Friday, 22 January 2010

The Brummie soldier and the gun in the cellar



Gaye writes "That is John Whelan senior at the wheel of the car with his wife Anne (granny Whelan nee McDonell) in the backseat foreground. I don’t know who the woman sitting next to her in the middle is but I think the woman sitting on the far side of the car is their daughter Mary. The boy standing to the rear of the car is probably one of their sons either James or Pat. Not sure who the rest are though that may be Paddy Leonard in the hat standing behind the car. I don’t recall ever hearing that there was a car in the family. It would have been very unusual to have a car in Ireland back then. I would imagine it was borrowed for the journey down the country or might have belonged to the relatives they were visiting. They all look dressed up so maybe for a wedding or something. Paddy Leonard was a sales man for Taylor-Keith a soft drinks company. I know he at one time drove a horse and dray. Maybe he progressed to a car and was using it for the family journey."



Thanks Gaye Mulholland for this great story from Whelan family history:

"I note in your section entitled “Anne Whelan nee McDonnell” that your Mum states “...I never knew Grandfather, I have no memory of him whatsoever...”. I was only talking to my sister Cara recently and we both commented on the odd fact that neither of us had ever heard our Mother or granny Whelan or any other relative ever mentioning anything about grandad John Whelan himself.

"There is one story only about him and it tells us more about granny than anyone else. As a Brummie you might find it particularly interesting. Then again maybe you already heard it. Anyway, just in case you haven’t, it goes like this. At some point after the Easter Rising here in Ireland the British soldiers were ordered to make a search of all the houses in an effort to establish who had sympathies with the rebels or might be hiding them and to collect any weapons they came across during the searches.

"When they came to search 49 Bolton Street they went through the whole house and when they went down to the cellar they found the butt of a rusty gun or rifle half buried in the dirt floor of the cellar. According to my mother, who would have been about 3 or 4 at the time, the gun part had obviously been there a very long time and was very rusted and when or how ever it got there it could not have been used in the trouble going on at the time. Nevertheless, the sergeant ordered his men to get grandad John Whelan and bring him down to the cellar. Grandad Whelan told the sergeant he knew nothing about it but the sergeant didn’t believe him and started getting agitated. He ordered his men to place grandad Whelan against the wall. Whether this was an attempt to just scare him or not we don’t know but one of grandad’s children ran to get granny Whelan.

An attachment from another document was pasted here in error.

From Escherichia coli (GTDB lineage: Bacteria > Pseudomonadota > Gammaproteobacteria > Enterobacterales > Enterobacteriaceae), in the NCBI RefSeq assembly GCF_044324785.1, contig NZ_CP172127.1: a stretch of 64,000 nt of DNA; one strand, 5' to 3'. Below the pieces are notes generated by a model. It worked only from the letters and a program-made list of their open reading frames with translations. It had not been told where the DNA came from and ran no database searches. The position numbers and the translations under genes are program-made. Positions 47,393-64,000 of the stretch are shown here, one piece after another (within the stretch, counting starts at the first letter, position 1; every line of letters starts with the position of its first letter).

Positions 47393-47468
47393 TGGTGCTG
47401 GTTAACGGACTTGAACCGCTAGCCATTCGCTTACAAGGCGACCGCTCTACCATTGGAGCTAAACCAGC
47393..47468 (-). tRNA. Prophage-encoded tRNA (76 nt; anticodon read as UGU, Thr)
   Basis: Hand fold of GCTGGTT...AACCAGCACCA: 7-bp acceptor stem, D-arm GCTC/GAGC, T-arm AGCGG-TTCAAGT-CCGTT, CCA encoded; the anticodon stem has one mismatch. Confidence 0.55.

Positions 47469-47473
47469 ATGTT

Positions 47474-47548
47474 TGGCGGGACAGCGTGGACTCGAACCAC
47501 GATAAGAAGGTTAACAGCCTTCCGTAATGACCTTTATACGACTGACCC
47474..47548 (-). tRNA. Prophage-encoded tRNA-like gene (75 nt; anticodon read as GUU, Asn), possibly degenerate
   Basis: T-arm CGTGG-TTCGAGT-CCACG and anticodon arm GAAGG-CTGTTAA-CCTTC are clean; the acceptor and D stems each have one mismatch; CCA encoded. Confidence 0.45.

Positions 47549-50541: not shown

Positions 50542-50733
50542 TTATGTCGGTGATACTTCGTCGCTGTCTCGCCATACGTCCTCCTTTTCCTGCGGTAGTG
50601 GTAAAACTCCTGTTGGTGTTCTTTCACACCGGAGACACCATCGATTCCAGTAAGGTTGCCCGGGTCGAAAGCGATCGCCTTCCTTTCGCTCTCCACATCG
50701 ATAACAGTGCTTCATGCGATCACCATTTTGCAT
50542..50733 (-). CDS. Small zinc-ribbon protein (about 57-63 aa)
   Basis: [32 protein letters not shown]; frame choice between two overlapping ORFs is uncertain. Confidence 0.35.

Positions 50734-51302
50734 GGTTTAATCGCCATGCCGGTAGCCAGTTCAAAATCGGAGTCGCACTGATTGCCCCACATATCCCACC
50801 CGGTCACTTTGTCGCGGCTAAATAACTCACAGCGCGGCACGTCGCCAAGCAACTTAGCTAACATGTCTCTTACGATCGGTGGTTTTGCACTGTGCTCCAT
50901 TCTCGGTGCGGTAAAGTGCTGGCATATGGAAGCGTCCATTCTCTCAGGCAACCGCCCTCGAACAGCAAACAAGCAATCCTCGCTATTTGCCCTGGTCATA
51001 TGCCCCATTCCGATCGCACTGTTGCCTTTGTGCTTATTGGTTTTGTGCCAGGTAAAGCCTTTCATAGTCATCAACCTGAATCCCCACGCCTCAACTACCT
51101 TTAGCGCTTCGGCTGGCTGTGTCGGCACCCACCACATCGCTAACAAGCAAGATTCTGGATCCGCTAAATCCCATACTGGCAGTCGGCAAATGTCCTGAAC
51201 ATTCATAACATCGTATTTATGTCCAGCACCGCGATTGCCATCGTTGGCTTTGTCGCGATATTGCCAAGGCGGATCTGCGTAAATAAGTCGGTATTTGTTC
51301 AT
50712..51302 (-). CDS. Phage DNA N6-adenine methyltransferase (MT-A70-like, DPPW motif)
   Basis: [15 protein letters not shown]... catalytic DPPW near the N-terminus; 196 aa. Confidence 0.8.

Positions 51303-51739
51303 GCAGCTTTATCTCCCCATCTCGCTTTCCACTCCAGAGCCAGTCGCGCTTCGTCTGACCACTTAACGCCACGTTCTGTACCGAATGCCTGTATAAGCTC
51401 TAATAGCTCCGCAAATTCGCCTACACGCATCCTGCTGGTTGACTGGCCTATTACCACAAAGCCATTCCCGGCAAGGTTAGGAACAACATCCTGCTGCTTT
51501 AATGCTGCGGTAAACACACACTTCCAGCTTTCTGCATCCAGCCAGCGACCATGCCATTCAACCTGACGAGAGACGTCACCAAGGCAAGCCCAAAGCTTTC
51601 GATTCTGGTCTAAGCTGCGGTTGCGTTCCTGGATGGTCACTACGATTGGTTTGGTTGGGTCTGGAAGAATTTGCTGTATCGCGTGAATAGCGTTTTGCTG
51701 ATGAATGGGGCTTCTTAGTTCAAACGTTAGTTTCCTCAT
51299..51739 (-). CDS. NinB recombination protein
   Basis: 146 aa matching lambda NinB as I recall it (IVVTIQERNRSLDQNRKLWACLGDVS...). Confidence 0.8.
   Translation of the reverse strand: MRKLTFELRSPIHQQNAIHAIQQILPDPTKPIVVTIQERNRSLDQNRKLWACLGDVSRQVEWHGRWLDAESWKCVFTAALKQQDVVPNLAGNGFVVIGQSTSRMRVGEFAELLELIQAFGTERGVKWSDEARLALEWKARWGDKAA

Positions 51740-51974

"She very cleverly, she got all her children brought them down to the cellar and placed them and herself around grandad. The sergeant ordered his men to take them away and while doing so one of the soldiers piped up in a broad Brummie accent “Blimey sarge, we can’t shoot him. Look at all these children. We’d be creating an orphanage”. The men laughed and it diffused the situation. They started reasoning that the gun piece could have been there longer than grandad himself had been alive. My Dad always said that none of the Whelans or McDonnells were the type to have been part of the IRA or any rebel causes and that anyway there were so many families living in the house at different times who could say which of them had hidden anything or anyone in the cellar".




"Starting from the left standing that is Patrick Whelan, Kitty Whelan, granny Anne Whelan (nee McDonnell), possibly John Whelan junior, then your granny Lawlor, is that her husband beside her? Not sure who is next, could be Mollie Whelan (John jnrs wife), next to her is Mary Leonard (nee Whelan) with possibly her husband Paddy Leonard beside her though I am not sure about that. Sitting in the chair is John Whelan snr. (husband of granny Whelan) and crouching down next to her is my father Denis Younge with my mother Margaret Younge (nee Whelan) sitting on his knee. The photo was taken in the yard of 49 Bolton Street. The window on the right is part of the cottage previously mentioned."


My thanks to Phylis Devlin and Gaye Muholland for photos

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